Learning from Civic Tech Activists

Since 2014, Jennifer Hollett has been our Atkinson Associate on Civic Technology. She was recently appointed the Head of News and Government at Twitter Canada. This is her farewell post.

“How many of you work in tech?”

It’s International Women’s Day and I’m hosting a panel on women in tech, with … women in tech. As I try to get a sense of who is in the audience, most hands go up. I then ask those who didn’t raise their hands, what fields they work in. One woman says, “Don’t we all really work in tech? Technology runs through our lives in so many ways.”

So true, the room collectively nods and we continue the discussion as if everyone is working in tech. Technology, as defined by Merriam-Webster, is “the use of science in industry, engineering, etc., to invent useful things or to solve problems.” The rise of computer technology over the last two decades has brought technology to our fingertips, changing the way meet people, communicate with each other, buy products, and run businesses. Yet if you step into a city hall, provincial legislature, or political campaign office, you might think “because it’s 1998?”

With a new generation of digital natives, more and more people are looking to technology as they figure out how to get more involved in making the world a better place. Civic tech is an umbrella term for this movement. People and groups using technology to engage the public in improving their communities, government and the public good. This could be opening up government data and documents (called open data/open gov), making public services more accessible through an app or website, or creating a startup connected to civic issues or politics.

In 2014, I authored a primer on all of this, titled Civic Tech for Civic Voice. The Atkinson Foundation invited me to join them as an Associate on Civic Technology as they explored this emerging space. In my research, informal hackathons, and many one-on-one meetings, I discovered there was much interest, but a digital divide between those with tech skills and expertise (who I named with respect, the geeks), those in the non-profit or government sector (agent of change), and a few of us in between (the hybrids). The primer was an introduction, inviting more people to the movement, by introducing terminology and case studies at a time when many are still quick to dismiss the reach of a hashtag (despite reframing issues) or the impact of an app (look to the Uber/taxi debate).

In July, Atkinson partnered with Civic Tech Toronto to host four hacknights. This is a weekly event where technologists, developers, policy wonks, journalists, and students come together to meet new people and collaborate. There’s 50+ people on any given week, which impressive considering how hard it is to get three friends together for dinner. It’s a diverse group, who show up to volunteer their time to improve Toronto. It’s incredibly engaging. Working with Atkinson in this space for the last two and a half years, there are some great lessons from the civic tech movement that can benefit social justice movements at large.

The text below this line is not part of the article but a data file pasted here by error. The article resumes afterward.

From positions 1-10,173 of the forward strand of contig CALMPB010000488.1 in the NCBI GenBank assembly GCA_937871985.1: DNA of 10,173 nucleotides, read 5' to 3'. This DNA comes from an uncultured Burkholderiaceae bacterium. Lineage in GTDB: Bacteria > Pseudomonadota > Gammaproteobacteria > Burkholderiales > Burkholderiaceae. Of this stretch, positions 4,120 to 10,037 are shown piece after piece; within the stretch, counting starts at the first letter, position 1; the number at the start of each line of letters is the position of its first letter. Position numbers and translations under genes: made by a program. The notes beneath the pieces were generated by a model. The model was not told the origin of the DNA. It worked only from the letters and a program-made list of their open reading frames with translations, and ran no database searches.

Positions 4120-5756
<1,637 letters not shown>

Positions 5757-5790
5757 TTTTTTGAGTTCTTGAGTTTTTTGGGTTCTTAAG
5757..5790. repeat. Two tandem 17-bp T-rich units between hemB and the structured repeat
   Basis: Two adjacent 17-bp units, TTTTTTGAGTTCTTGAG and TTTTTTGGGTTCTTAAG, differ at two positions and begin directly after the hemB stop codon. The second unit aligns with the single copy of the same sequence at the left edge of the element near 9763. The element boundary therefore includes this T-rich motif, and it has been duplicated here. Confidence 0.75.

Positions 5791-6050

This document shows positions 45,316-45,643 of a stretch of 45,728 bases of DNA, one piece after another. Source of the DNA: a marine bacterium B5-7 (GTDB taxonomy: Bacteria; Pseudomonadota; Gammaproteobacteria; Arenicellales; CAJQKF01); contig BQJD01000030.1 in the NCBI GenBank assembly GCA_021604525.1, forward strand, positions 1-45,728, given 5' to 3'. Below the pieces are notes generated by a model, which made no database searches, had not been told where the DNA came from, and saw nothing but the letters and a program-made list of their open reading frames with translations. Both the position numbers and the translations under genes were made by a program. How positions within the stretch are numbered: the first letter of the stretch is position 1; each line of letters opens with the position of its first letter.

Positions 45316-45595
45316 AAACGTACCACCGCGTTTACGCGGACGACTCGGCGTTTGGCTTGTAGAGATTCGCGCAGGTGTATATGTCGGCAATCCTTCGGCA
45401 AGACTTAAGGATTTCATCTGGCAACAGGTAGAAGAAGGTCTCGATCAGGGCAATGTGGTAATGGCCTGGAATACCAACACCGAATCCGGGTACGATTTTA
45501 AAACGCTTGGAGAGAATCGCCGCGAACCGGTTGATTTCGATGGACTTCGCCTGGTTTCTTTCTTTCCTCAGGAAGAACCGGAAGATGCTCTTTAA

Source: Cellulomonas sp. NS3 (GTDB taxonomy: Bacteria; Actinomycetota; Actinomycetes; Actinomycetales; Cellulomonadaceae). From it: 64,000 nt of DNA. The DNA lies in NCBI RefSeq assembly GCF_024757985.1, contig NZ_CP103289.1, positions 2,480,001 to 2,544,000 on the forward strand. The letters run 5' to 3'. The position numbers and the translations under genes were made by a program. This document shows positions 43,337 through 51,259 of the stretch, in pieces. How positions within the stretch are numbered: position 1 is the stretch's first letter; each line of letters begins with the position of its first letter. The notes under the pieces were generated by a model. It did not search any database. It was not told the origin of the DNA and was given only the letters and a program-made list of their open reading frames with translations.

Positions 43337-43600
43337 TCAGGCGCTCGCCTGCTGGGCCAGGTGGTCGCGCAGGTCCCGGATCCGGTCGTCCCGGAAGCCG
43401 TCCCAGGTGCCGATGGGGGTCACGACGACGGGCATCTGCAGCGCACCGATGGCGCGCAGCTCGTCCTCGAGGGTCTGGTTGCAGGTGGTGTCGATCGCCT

All are welcome

A core principle of civic tech is that the more diverse, the stronger the movement. This applies to age, gender, race, class, as well as skill set and interest. Civic Tech Toronto looks like Toronto. They have achieved this by actively creating hacknights that build community: starting every meetup with their Code of Conduct and Anti-Harassment Policy, introductions from everyone in the room (even if there’s 70 people), and a Civic Tech 101 breakout session for anyone new or looking to learn more.

Share and study success

Each hack night, Civic Tech Toronto invites a guest speaker, someone working with civic tech, be it in health care or housing, as a hack or hacker. I spoke one evening about our Civic Tech for Civic Voice paper and how we can open up civic tech to more people. The presentation and Q&A is a great way to learn from those in the space, what’s working and even, what’s not.

Create space
The most fascinating part of the weekly hacknights is how people, strangers, come together to make something. Each hack carves out an hour and half for people to team up and create. People stand up and share ideas on what they’re hoping to work on that evening, then folks break out into groups and start brainstorming, building, coding, mapping. A similar space also exists online, with a very active Slack group.

If we’re all working in technology these days, how can technology help foundations like Atkinson and our partners in the fight for social and economic justice? That’s essentially what civic tech activists are doing.